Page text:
Earlier this month, Congressman Jared Polis extended a headline-grabbing invitation to President Barack Obama and Senate Majority Leader Harry Reid. In a Jan. 23 letter addressed to two of the most powerful men in Washington and the Democratic Party, the Colorado Democrat said Obama and Reid should accompany him on a tour of one of his state's recently opened marijuana dispensaries.
"I would like to extend an invitation to both of you to visit Colorado and join me to visit a legal dispensary and grow operation to see how the law is being implemented in the state," Polis wrote. "I am confident that when you see Colorado's work to implement the law while protecting children and raising revenue for our schools firsthand, we can begin to make similar efforts on a federal level."
Polis, who is the most senior out member of the House of Representatives, has become a champion of marijuana decriminalization since arriving on Capitol Hill in 2009. Having declared that America is losing the war on drugs, Polis has argued that the federal government should stay out of the business of telling states what they can and cannot do when it comes to decriminalizing pot.
"Congress should simply allow states to regulate marijuana as they see fit and stop wasting federal tax dollars on the failed drug war," Polis has said.
This anti-big government view, which Polis has said stems from the failure of a national prohibition of alcohol during the 1920s and 30s, became particularly significant when 55 percent of Colorado voters approved a constitutional amendment in November 2012 permitting recreational use of marijuana for adults over the age of 21. In August, the Justice Department announced they would not challenge Colorado or any other state that chose to decriminalize marijuana, instead focusing their resources on drug trafficking and protecting children. On Jan. 1, retail marijuana went on sale to the Colorado public with a 25 percent state tax, plus an additional 2.9 percent state sales tax. As one of the most heavily taxed consumer products in Colorado, marijuana sales are expected to generate $67 million a year in tax revenue, with $27.5 million of that designated for school construction.
Nevertheless, marijuana remains illegal in the eyes of the federal government -- and Polis is seeking to change that.
"By regulating marijuana like alcohol, Colorado voters hope to reduce crime and keep marijuana away from kids," Polis said in a Jan. 1 statement the day marijuana went on sale in Colorado. "I applaud Colorado's efforts to implement the will of the voters and will continue my work to pass H.R. 499 to regulate marijuana like alcohol federally."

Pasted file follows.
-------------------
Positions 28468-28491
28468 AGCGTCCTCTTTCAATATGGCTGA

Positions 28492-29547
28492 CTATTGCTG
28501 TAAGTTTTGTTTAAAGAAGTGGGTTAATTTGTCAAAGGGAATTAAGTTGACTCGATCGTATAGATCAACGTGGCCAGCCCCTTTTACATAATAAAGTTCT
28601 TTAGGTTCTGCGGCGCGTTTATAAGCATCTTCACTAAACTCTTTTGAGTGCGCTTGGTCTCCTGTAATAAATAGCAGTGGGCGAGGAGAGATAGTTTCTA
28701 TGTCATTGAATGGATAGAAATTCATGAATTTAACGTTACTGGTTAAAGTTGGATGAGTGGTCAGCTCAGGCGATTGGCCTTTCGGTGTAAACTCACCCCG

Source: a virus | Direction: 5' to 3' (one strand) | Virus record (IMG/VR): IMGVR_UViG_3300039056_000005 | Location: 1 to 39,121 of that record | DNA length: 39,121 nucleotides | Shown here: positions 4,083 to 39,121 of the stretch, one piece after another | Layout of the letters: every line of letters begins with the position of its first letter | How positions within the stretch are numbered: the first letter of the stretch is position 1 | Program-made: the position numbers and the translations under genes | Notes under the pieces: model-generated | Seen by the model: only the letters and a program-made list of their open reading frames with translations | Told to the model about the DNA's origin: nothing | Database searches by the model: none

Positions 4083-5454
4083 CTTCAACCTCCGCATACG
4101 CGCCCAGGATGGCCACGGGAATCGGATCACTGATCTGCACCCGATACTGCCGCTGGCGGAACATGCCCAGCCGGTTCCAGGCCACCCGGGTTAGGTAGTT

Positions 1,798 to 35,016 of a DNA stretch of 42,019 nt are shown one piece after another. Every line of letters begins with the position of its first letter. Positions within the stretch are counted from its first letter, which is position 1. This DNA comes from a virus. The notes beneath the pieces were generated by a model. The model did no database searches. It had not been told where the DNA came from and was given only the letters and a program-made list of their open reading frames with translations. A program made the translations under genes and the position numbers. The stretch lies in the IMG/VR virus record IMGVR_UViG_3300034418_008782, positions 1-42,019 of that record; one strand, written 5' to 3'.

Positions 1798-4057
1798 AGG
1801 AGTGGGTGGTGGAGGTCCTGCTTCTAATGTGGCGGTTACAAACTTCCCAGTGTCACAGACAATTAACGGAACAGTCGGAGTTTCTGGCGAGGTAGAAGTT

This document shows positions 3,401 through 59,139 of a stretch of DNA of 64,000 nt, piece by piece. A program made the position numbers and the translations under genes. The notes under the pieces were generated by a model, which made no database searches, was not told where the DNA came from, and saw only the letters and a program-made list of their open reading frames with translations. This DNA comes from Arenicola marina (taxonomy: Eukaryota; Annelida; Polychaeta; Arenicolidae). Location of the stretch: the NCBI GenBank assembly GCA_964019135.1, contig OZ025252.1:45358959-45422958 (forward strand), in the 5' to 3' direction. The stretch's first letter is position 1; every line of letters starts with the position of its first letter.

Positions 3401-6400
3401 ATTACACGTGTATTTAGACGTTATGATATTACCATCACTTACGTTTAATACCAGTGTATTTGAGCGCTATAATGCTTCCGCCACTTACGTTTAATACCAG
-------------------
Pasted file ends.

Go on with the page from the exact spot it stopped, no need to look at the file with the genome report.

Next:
Polis's bill, the Ending Marijuana Prohibition Act, would essentially decriminalize marijuana at the federal level.
"This legislation doesn't force any state to legalize marijuana, but Colorado and the 18 other jurisdictions that have chosen to allow marijuana for medical or recreational use deserve the certainty of knowing that federal agents won't raid state-legal businesses," Polis said in a statement.
Under the proposed legislation, the attorney general would be directed to issue a final order removing marijuana entirely from the Controlled Substances Act and would place the drug under the same regulations as alcohol when it comes to such things as interstate and foreign commerce. The Drug Enforcement Administration currently classifies marijuana as a Schedule 1 substance, defined as "the most dangerous drugs of all the drug schedules with potentially severe psychological or physical dependence."
"Congress should simply allow states to regulate marijuana as they see fit and stop wasting federal tax dollars on the failed drug war," Polis added.
Last introduced in Feb. 2013, the bill has 16 cosponsors, including one Republican, Rep. Dana Rohrabacher of California. The bill still has a step climb in the Republican-controlled House of Representatives, but the implementation of decriminalization in Colorado appears to be shifting the conversation.
In a recent interview with The New Yorker, President Obama said he does not consider marijuana anymore dangerous than alcohol, but added that there is no one size fits all approach.
"As has been well documented, I smoked pot as a kid, and I view it as a bad habit and a vice, not very different from the cigarettes that I smoked as a young person up through a big chunk of my adult life. I don't think it is more dangerous than alcohol," Obama said. "[W]e should not be locking up kids or individual users for long stretches of jail time when some of the folks who are writing those laws have probably done the same thing."
Asked to clarify if Obama was setting out a new drug policy, White House press secretary Jay Carney told reporters no.
"He's talking about the issue of the disparities in our prosecution of our drug laws that an experiment like this may be addressing. He's not endorsing any specific move by a state; he's simply making an observation," Carney said. "His position on these matters has not changed."
As of yet, President Obama has not responded to Polis's invitation to a marijuana tour of Colorado.